Now back to our regularly scheduled program. You know, I've realized that I keep talking about my time here in Lima and haven't formally introduced you to my partners in crime. Well, without getting too much into it since I don't know how much of themselves they want out in public, I'll just show you what they look like dripping, soaking wet:
I should also mention, for those of you who are wondering how Lima has affected my physical appearance, that I've begun attempting to grow facial hair, so the aforepresented picture is not totally accurate. Right now my face is somewhere between where it is in the picture and this
(Quick side note to any new readers whom are waiting for this blog to take a turn for the serious: you're better off waiting for the Chicago Cubs to win a world series)
((Quicker side note to any and all future employers, particularly those of you whom are Cubs fans: I'm so sorry--for just so many things))
How on earth do I regain control of this post and produce something productive from it? (Redundant? I don't think it's not unredundant). Here's how: whenever you're interacting with a new group of people who's fundamental cultural assumptions aren't yours, it becomes necessary for you to justify your identity; although, before you justify your identity, you should probably know what it is. I'm finding more and more that I cannot seem to shake el extranjero attitude I've of myself as I continue my life abroad. I can't even describe my life in Lima without qualifying it with the term "abroad:" implying the fish-out-of-water sense that is ever-present in my daily life. Ojo! I should also clarify that this isn't a simple matter of "Man, I miss my McDonald's right about now, bro."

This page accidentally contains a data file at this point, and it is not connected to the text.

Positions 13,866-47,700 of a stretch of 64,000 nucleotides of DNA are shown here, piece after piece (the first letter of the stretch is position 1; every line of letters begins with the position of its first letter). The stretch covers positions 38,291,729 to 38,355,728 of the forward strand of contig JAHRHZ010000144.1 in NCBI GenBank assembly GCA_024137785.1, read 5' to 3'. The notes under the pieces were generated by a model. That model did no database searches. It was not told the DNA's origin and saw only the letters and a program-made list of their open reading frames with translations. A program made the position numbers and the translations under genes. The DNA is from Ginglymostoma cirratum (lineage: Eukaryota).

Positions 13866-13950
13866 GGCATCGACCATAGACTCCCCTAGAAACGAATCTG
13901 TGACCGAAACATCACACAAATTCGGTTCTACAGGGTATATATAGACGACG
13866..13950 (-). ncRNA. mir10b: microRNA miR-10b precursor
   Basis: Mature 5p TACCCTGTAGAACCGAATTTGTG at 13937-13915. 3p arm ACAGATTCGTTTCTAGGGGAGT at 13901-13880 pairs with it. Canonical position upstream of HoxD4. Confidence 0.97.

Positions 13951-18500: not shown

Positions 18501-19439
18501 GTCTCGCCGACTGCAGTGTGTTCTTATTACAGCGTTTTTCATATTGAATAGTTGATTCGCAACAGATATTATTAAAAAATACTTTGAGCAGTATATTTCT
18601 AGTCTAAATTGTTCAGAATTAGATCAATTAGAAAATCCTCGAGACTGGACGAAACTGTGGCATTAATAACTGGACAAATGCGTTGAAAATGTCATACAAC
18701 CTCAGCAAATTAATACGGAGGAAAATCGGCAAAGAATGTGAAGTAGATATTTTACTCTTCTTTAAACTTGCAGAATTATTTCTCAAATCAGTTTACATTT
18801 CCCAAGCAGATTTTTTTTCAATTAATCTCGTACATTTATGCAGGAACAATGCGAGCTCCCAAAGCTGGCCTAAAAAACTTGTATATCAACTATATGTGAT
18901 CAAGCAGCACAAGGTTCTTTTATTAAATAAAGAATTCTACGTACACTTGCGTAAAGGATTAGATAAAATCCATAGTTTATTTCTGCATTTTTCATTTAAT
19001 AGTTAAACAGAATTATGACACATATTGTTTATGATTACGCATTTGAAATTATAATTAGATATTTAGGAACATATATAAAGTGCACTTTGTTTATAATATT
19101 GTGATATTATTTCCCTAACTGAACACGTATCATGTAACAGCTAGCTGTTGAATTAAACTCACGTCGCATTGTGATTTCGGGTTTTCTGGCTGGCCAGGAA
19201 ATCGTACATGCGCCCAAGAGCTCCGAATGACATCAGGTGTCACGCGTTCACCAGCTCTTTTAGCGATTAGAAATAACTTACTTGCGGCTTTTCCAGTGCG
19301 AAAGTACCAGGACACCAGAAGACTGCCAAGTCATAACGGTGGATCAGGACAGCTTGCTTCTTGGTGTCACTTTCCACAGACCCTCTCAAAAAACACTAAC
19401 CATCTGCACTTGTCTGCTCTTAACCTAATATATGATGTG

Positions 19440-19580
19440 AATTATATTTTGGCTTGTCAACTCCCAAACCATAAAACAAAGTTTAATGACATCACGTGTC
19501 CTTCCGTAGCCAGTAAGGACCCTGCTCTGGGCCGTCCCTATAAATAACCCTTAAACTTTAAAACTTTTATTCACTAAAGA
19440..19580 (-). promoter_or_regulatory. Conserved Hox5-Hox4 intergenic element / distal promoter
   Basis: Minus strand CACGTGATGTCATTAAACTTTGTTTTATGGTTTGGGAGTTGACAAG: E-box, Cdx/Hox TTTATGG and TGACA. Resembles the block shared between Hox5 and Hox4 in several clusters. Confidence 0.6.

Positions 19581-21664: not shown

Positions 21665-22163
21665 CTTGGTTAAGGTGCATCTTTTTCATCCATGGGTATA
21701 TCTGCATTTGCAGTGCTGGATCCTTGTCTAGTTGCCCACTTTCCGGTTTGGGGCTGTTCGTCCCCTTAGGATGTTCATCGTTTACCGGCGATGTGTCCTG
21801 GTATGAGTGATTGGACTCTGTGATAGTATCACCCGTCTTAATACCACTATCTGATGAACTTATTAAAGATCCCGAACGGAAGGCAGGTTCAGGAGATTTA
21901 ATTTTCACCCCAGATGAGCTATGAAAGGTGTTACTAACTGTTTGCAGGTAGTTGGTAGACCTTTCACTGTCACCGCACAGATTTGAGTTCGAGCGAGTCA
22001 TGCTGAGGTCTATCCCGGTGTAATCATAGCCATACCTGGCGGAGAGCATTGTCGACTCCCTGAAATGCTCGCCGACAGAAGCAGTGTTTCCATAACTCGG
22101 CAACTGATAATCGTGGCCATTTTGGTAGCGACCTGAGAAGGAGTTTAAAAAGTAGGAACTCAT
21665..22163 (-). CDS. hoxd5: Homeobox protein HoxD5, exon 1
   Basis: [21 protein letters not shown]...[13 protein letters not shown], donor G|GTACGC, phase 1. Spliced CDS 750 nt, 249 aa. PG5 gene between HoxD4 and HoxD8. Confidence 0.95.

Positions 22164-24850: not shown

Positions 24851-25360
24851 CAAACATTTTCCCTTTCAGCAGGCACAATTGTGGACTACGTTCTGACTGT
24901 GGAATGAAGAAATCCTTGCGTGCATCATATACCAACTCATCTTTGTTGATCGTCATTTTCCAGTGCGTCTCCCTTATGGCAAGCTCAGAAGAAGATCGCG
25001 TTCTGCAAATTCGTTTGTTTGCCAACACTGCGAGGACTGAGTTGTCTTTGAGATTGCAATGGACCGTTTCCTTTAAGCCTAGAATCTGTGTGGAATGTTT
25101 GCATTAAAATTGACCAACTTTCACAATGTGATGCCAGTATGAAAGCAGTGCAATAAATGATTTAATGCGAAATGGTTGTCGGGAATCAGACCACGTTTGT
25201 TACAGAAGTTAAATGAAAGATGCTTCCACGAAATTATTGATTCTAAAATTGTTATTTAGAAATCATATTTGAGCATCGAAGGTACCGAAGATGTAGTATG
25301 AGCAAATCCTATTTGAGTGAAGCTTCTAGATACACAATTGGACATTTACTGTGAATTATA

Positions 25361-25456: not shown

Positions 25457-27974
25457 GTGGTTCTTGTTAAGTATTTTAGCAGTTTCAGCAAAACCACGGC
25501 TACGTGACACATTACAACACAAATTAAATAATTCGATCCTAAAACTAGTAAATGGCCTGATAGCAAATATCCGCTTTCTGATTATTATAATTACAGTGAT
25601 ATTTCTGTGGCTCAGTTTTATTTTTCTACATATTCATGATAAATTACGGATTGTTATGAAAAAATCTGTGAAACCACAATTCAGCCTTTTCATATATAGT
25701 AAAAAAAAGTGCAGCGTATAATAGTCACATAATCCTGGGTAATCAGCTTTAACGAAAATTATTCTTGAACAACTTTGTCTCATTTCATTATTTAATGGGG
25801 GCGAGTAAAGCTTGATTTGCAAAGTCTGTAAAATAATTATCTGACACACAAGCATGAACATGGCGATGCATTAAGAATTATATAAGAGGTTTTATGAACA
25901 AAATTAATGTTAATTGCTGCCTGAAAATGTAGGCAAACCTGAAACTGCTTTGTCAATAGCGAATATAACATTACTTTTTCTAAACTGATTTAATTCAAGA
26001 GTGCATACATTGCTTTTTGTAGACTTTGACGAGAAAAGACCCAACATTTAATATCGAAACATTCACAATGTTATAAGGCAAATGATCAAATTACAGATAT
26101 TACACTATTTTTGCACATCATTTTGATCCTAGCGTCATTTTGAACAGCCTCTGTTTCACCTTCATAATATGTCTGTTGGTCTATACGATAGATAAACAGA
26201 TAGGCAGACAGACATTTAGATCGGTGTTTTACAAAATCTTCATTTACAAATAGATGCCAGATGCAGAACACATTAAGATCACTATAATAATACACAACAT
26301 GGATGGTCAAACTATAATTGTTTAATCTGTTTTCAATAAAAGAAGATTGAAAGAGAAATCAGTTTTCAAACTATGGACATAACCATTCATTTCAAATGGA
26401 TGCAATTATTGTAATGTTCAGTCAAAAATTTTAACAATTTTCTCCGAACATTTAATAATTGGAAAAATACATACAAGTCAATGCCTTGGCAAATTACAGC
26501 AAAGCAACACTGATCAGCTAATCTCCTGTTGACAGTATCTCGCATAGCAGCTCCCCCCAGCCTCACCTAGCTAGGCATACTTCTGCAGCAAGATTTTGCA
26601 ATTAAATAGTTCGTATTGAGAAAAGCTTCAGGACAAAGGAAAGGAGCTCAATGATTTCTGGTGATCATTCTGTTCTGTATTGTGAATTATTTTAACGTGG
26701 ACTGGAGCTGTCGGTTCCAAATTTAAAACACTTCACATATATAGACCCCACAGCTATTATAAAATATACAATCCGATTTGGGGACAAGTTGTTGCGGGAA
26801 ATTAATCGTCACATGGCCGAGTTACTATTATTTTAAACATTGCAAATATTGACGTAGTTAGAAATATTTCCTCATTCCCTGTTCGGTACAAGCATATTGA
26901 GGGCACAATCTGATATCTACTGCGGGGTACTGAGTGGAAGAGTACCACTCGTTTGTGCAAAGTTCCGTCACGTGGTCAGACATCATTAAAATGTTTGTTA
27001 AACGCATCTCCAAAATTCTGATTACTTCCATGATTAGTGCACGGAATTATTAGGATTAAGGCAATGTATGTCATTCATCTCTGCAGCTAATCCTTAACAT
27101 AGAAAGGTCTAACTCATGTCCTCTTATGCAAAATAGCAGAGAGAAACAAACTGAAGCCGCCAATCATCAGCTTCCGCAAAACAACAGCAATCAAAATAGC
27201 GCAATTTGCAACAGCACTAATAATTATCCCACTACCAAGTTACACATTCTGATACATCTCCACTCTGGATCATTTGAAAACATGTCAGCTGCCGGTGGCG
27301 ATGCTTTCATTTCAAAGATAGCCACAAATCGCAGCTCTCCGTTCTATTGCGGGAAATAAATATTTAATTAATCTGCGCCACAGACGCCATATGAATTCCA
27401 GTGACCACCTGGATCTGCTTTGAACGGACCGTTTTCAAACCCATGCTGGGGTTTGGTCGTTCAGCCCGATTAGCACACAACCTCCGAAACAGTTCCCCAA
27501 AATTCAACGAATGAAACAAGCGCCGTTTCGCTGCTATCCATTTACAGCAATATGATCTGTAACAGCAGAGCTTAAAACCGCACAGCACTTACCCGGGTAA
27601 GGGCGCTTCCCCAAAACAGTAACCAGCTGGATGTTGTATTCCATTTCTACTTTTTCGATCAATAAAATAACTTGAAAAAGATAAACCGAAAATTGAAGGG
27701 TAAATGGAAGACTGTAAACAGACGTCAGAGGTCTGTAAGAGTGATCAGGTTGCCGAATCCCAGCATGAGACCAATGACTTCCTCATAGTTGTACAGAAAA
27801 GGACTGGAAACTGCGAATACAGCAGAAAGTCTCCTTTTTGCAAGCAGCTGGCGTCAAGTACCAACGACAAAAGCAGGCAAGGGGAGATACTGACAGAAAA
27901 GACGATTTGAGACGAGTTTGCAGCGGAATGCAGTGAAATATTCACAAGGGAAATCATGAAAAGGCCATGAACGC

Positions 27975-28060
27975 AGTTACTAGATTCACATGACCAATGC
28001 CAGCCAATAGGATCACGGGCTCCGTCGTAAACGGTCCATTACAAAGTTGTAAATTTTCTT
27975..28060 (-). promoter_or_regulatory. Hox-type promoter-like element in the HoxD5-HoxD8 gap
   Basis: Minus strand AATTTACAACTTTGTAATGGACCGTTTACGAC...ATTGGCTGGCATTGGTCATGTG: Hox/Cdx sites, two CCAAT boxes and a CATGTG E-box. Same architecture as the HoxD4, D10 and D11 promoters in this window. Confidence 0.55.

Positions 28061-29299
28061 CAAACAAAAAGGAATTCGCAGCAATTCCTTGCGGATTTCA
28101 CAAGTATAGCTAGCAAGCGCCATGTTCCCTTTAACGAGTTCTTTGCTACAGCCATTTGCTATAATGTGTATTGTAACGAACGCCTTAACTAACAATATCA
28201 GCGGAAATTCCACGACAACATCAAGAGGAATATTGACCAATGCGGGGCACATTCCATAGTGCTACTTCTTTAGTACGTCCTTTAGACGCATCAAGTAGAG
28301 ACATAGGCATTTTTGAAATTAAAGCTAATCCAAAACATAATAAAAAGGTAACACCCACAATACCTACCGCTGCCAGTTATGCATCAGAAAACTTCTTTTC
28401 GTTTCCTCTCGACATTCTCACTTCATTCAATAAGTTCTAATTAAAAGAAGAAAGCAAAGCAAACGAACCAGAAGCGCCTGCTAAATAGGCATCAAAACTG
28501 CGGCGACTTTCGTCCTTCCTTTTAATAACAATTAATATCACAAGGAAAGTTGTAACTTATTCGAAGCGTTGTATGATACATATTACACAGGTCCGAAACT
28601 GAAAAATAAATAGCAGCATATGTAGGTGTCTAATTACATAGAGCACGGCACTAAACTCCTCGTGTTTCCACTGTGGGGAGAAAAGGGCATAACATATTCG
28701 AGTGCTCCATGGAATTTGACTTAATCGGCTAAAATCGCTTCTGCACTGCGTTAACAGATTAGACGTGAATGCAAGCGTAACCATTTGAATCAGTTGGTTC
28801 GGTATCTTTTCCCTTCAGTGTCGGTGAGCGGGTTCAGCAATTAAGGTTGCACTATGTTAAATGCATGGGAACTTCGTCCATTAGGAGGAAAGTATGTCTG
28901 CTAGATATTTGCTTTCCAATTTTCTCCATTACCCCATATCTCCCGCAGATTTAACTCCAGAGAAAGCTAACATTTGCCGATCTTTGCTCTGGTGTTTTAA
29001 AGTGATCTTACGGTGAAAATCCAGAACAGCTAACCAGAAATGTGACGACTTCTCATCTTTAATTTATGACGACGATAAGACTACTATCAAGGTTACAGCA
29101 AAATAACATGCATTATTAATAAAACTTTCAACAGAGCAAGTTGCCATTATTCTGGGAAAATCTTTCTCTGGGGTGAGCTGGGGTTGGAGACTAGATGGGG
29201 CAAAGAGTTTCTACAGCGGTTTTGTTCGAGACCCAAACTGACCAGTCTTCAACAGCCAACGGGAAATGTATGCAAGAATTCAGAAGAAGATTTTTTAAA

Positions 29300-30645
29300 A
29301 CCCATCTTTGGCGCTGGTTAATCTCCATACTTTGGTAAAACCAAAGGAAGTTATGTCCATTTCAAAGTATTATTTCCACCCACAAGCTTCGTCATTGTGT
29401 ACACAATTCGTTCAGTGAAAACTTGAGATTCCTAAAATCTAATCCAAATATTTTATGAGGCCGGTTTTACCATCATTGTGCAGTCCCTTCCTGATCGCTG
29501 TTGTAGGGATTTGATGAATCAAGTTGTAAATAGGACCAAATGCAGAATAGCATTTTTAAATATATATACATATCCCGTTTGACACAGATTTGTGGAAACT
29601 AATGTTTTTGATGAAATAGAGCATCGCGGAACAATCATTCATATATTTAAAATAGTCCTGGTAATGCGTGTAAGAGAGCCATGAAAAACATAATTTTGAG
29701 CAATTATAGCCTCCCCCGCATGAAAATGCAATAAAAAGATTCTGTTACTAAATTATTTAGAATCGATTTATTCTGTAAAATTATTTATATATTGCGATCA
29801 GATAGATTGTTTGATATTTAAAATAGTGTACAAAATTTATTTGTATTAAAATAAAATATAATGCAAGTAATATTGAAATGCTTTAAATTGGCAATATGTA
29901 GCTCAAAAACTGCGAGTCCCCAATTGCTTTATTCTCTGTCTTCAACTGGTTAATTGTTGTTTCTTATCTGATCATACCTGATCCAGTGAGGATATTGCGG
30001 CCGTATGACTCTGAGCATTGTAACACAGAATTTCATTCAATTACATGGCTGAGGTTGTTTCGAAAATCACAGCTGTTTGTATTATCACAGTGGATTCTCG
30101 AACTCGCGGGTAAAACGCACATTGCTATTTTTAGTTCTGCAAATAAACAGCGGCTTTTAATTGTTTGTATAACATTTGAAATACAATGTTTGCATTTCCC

No. No. No.
I'm talking about the intrinsic elements of identity that one can only call into question when one is forced into a a deep self-reflective state--coincidently, I hear the state of self-reflectivness is beautiful this time of year.
Currently, I'm enrolled two very distinct literature courses at PUCP (Pontificía Universidad Católica del Perú)--Go squirrels!--one in Medieval Spanish Literature and the other in Contemporary Latin-American Literature. The latter is focusing on issues of gender, sex, and sexuality: so yes, Judith Butler and Michel Foucault en español--pray for my safety, and, those who can, tell Lisa Arellano I'ma do her proud!--thus, once again, I'm realizing that many of the things we use as cultural markers by which to identify ourselves exist on such fluid platforms: boy, girl, gay, straight, masculine, feminine, brown, American.
Though, don't mistake this post as a complaint of that; you're talking to a guy who believes in the essence of complexity with regards to the human experience: Che was a med student who killed A LOT of people; Malcolm X, before becoming a Civil Rights activist, was arrested for pimping and distribution of heroin; George Washington was a liberator who owned slaves; and I don't bring up these figures to smear their names. Quite the opposite, in fact, I admire them for what good I believe they contributed to society, I but still recognize their contradictory actions with regards to other things. Human beings who are made of contradictions? Fancy that. (Hold on a sec, I gotta step on my soap box real quick) If the world could learn to embrace the inherent complexities and contradictions in so many of our assumptions as human beings, I believe, there would probably be fewer things over which to fight. Then again, in the spirit of complexity and dialectics, maybe there needs to exist those whom are dogmatic and anti-intellectual, just to counter balance your beloved blogger.
After all, without the dogmatism of the Cold War Era, who knows if we ever would've put a human being on the moon. Seen here:
And without the feeling of longing for a place and time outside my existence and sense of otherness, to get Derridian for a bit, from being in a country that isn't my own, breathing air and feeling an experience that is completely new... sorry, a bit long. Anyway, without this change, I don't think I'd find the inspiration to write what I do, like this poem I recently finished. Disfruta!
Dirty Snow, Cool Sunshine, y Yo Sin Plata
Come find me in my room
after the white night falls,
unclear in the air—
before the sun comes up
—and the world gets a fresh breath
from the inverted tongue.
My dreams remain young;
though the ideas age and grow rust.
You and I still feel:
the blood flowing through our bones,
the unatoned sins we’ve only dreamed of,
and the home that’ll be waiting.